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Guide To Raised Beds: How To Create & Maintain Raised Beds (And Why!)

Raised beds are a great way to grow plants, from fruits and vegetables to flowers, in your garden. They provide better drainage than traditional beds and also make a great feature to your garden! Learn more about raised beds, how to create them and how to maintain them.

What are Raised Beds?

Raised beds are areas where soil is elevated from ground-level using a frame, usually made from wood, although it can be concrete, rock or brick. The frame is filled with soil and compost for planting vegetables, fruit or flowers above ground level. They are boxed areas that can be any size or shape.

What are the Advantages of Raised Beds?

People choose to install raised beds in their gardens for a huge number of reasons. One of the most important advantages of having raised beds is that they allow better drainage than ground-level plots. It prevents plants from becoming waterlogged and allows roots to grow better. Another important advantage is that they increase soil temperature. Being raised means that soil is protected from the cold and the temperature of the bed is slightly higher. It’s ideal for early spring planting, as well as maintaining better conditions for plants.

 

10 Advantages of Raised Garden Beds:

  • Improve drainage
  • Introduce different soil types – Raised beds allow you to introduce a different type of soil into your garden, increasing the variety of plants that you can grow.
  • Increase soil temperature
  • Improve access – For people who struggle to bend down, raised beds are a great way to ensure easy access to plants.
  • Prevent soil compaction – As they don’t have people walking on them, raised beds protect the plants and keeping the soil aerated.
  • Keep pathway weeds at bay – Being lifted away from paving means that weeds that grow on pathways are kept from affecting your plants.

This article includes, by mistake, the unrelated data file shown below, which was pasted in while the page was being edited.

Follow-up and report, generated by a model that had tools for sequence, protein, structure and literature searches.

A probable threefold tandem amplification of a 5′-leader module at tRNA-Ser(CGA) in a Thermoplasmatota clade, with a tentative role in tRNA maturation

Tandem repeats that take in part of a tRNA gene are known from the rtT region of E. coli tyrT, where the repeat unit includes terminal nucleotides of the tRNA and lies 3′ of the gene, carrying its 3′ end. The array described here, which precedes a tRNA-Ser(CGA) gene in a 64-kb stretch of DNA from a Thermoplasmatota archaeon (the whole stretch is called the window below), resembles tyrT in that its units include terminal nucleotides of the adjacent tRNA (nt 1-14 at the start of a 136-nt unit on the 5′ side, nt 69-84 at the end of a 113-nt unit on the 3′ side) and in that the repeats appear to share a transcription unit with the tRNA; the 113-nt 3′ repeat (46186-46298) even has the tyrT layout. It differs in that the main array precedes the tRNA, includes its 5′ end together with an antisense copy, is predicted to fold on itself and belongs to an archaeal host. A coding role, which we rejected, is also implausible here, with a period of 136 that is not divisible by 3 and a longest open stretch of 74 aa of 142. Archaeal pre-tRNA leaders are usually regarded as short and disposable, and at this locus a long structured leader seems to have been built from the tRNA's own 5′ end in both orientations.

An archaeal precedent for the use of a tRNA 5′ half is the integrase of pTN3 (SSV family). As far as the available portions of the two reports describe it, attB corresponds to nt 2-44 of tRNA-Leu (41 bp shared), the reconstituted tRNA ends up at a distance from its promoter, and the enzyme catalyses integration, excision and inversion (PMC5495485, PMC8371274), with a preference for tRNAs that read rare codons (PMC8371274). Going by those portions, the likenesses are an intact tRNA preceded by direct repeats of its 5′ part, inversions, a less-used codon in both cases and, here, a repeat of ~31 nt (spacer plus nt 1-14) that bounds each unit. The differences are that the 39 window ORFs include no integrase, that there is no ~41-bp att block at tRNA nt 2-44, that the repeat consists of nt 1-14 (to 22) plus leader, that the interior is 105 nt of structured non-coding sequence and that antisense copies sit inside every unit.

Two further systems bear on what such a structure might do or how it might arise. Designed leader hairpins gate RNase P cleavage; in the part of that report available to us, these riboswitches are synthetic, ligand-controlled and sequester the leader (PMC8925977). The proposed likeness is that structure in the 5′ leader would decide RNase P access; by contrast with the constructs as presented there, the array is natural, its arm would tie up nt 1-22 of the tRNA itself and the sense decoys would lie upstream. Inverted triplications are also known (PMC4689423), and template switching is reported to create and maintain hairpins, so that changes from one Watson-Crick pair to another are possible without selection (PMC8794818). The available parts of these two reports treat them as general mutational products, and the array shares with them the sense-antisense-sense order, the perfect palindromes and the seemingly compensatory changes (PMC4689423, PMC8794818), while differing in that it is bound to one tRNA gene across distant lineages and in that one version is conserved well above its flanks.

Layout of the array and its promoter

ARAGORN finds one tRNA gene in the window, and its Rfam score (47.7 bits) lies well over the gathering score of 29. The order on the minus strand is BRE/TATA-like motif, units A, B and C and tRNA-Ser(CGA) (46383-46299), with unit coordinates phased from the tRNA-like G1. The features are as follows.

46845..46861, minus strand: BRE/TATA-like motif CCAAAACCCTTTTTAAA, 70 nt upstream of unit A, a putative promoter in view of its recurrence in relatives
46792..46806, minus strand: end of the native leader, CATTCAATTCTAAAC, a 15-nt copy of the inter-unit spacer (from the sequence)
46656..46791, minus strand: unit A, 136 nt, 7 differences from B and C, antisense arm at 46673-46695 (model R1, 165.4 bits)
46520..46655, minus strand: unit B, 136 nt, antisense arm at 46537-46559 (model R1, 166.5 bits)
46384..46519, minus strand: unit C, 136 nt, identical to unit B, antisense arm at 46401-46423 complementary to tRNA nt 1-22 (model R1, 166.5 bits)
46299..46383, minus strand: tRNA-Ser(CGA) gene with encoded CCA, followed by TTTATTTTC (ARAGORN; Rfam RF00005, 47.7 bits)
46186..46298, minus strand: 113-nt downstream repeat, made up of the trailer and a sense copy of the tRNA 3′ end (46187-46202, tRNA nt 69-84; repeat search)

• Deter pests – while some pests will inevitably reach your plants, the height and barriers deter pests and reduce the number of pests that can affect your plants.
  • Protect soil during heavy rain – The barriers prevent soil from washing away and eroding during extreme weather or heavy rain
  • Used to make the most of sunny areas – You can choose where to place raised beds and can therefore better make the most of the different conditions around your garden.
  • Improve garden aesthetic – You can use raised beds to create designs in your garden, better organise your space and make your garden look neater.

Raised beds also allow you to grow vegetables and fruit around your lawn without compost spreading onto your grass and ruining the look. It keeps everything tidy so your garden looks fantastic!

 

 

Disadvantages?

With so many advantages, you might ask what the drawbacks are. There are very few problems associated with raised beds, but the main disadvantage is that they, at least initially, cost more than simply growing vegetables at ground level in spaces that are already set up.

You have to buy the containers or barriers, and possibly the soil to fill them, depending on what soil or compost to which you already have access. However, once your beds are set up, they don’t really have any additional cost compared to standard beds.

 

Raised Garden Beds vs Planters

Raised garden beds and planters aren’t the same. Planters always have a bottom, usually will holes drilled in to allow drainage. Raised beds, on the other hand, don’t have a bottom but are connected directly to the ground below. This means they have better drainage than planters but are more permanent.

 

How to Create A Raised Garden Bed

 

Raised beds can be built at any time of the year. A lot of gardeners like to build them in winter so, come spring, the garden is all ready for new planting.

The first thing to consider when building raised beds it where to place them.

 

Placement

Choose where you want to construct your raised beds. It’s usually best to pick the sunniest areas of your garden and place your bed with the longest side facing south. This ensures the best and most even sunlight for all your plants. However, if you’re planning on growing plants that prefer shade, pick the most appropriate place for them.

Also consider the layout of your raised beds. Think about the size and shape of them and how you’ll move around your garden. You can use raised beds to create aesthetically pleasing designs in your garden, but if it’s not well planned out it could make moving around your space a nuisance!

When it comes to size, it’s best to have beds no wider than 1.5m as this means you don’t have to step onto the bed in order to maintain them — this helps to keep the soil from becoming compact.

If you’re building a lot of raised beds, consider not making them too long so they’re easy to move between. People might otherwise be tempted to climb on them to cross to the other side.